Mason Bee Tubes

Asked May 7, 2016, 12:02 PM EDT

I have placed my Mason Bee houses in my apple trees, which consist of 4" pvc filled with tubes and liners. My question is whether I have to replace the liners through the summer as they become full, or does it take all summer to fill the liners which I'll remove to my fridge crisper in October, for protection until next spring? Thank you!

Kent County Michigan bee health

3 Responses

Hello,
You may begin moving capped mason bee tubes in mid-late June. If you move them earlier than you will risk jostling eggs and young larvae from their pollen balls and they will starve. But don't move them to your crisper just then. Instead, move them to a protected area with similar ambient temperatures as the outside. Bags made of a breathable fine mesh like bridal tule or maybe even pantyhose will limit parasite infections. You can buy special made bags from some suppliers. When things cool down in the fall you may start moving them to your crisper. You may need to maintain moisture with a dish sponge nearby. You may replace the tube liners after you move them, but you will start catching leafcutter bees then, and other summer flying wasps and critters. They will move into any tubes you leave out there, even if you don't have liners in them and will occupy your tubes until next June. If you don't want other bees filling your spring-flying Mason bee's tubes, then bring everything inside in June.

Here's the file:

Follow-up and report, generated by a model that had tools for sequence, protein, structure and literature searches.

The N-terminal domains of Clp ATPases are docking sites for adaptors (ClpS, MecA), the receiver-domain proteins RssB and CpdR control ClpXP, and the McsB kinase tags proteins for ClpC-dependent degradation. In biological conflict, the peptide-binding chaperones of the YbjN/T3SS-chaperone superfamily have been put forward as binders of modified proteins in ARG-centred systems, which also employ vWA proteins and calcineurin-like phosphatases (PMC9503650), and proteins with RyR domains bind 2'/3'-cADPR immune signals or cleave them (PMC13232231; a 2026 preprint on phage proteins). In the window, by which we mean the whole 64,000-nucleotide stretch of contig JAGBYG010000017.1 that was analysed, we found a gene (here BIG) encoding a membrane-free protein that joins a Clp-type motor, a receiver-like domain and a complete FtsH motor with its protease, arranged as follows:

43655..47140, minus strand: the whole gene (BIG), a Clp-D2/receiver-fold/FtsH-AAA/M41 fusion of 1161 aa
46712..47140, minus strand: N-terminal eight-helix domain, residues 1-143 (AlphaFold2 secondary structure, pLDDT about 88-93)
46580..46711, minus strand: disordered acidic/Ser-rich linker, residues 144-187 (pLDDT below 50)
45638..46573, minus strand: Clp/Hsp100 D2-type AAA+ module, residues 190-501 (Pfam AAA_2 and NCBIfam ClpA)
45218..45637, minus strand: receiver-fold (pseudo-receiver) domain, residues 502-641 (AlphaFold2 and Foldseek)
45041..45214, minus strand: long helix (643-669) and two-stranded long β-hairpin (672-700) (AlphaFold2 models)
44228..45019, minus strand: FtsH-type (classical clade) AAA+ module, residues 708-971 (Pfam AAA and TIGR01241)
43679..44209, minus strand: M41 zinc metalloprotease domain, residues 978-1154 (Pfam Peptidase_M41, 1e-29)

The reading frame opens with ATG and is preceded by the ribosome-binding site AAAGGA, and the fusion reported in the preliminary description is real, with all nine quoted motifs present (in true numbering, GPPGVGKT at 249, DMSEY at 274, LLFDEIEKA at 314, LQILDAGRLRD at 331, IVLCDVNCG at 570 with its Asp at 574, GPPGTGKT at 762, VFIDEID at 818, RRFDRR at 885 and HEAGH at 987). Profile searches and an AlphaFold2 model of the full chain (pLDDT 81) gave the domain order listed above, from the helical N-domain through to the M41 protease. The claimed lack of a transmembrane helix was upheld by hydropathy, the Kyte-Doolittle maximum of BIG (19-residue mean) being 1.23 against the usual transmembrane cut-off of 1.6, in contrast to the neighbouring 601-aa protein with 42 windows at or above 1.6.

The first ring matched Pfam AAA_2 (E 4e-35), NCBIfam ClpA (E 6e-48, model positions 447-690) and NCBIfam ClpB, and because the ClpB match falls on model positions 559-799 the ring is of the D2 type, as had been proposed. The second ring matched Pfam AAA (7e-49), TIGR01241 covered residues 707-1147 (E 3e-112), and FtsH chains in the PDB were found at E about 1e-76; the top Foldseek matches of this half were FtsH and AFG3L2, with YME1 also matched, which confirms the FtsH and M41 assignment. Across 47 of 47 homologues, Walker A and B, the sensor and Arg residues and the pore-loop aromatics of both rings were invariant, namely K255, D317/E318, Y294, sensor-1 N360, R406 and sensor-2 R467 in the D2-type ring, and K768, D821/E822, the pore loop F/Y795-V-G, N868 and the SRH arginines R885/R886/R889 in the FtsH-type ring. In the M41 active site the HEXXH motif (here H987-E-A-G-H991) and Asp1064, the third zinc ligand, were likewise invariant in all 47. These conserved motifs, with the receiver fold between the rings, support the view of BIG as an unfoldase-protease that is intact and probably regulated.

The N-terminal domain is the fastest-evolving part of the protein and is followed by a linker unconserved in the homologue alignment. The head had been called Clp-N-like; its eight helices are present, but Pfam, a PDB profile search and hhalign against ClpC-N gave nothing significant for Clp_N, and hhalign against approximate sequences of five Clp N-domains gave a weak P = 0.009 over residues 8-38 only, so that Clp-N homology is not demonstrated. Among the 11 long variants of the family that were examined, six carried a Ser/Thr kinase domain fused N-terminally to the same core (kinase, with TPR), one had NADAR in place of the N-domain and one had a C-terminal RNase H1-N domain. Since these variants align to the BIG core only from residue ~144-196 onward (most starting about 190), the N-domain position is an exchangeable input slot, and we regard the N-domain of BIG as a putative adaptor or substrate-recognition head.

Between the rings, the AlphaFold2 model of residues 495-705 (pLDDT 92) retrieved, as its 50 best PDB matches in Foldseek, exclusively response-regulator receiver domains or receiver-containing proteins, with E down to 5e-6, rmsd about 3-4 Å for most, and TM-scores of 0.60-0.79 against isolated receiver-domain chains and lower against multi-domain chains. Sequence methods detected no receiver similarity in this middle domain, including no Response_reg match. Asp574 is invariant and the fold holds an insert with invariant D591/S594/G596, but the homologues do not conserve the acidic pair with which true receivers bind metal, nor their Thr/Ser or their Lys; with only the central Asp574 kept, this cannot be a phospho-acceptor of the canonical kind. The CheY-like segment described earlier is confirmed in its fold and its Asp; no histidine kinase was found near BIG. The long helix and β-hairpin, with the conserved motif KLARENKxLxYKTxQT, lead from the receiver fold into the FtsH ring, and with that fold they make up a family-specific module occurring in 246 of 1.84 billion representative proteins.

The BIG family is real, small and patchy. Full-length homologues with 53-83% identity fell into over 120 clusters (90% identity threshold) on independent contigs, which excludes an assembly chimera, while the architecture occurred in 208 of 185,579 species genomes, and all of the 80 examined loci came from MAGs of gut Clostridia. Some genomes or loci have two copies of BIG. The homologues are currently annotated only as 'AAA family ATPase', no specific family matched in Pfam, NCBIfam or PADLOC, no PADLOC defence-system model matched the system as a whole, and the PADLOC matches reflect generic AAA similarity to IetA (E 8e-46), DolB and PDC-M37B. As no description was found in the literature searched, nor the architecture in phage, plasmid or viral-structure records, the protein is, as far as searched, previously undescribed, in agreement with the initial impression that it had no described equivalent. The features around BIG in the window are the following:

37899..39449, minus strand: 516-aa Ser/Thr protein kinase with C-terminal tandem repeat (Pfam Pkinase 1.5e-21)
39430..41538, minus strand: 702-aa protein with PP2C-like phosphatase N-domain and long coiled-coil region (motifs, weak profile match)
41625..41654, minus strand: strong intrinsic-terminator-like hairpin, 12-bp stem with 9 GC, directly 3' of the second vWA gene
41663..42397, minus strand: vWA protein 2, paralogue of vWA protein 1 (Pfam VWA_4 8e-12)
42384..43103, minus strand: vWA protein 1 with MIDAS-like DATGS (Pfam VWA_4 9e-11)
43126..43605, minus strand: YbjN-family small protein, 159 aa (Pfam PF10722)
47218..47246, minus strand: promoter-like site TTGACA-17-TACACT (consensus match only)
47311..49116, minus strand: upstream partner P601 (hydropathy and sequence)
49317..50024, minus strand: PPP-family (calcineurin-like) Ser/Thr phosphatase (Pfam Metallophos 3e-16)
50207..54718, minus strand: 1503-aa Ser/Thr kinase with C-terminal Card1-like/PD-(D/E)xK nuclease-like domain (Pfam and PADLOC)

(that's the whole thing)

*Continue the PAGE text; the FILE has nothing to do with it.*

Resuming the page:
Crown Bees has great information for every step of the process, and will send reminders about important procedures around when they need to be performed. I suggest signing up for their email list.

Well I have my tubes hanging in my apple trees which bloomed over a week ago, and yet no bees have shown interest in my tubes. They are hanging in the shade of the apple trees. Perhaps I should move them out into the open?

That may work. Many stem-nesters like to aggregate. It can help to place all of the tubes and nest structures in one place to maximize their likelihood of finding it and using it. If you know your birds, it would be similar to attracting Purple Martins. They nest as groups, instead of in individual nest boxes placed some distance away from each other.

Some some eastern and southern exposure may help.

You can also purchase cocoons of mason bees and leafcutter bees to jump start your nests. There are multiple sources for cocoons. Crown Bees and Bee Diverse are probably the best-supported suppliers right now. Most places are sold out of cocoons until November or so.

A bigger list here...http://www.pollinatorparadise.com/solitary_bees/supply.htm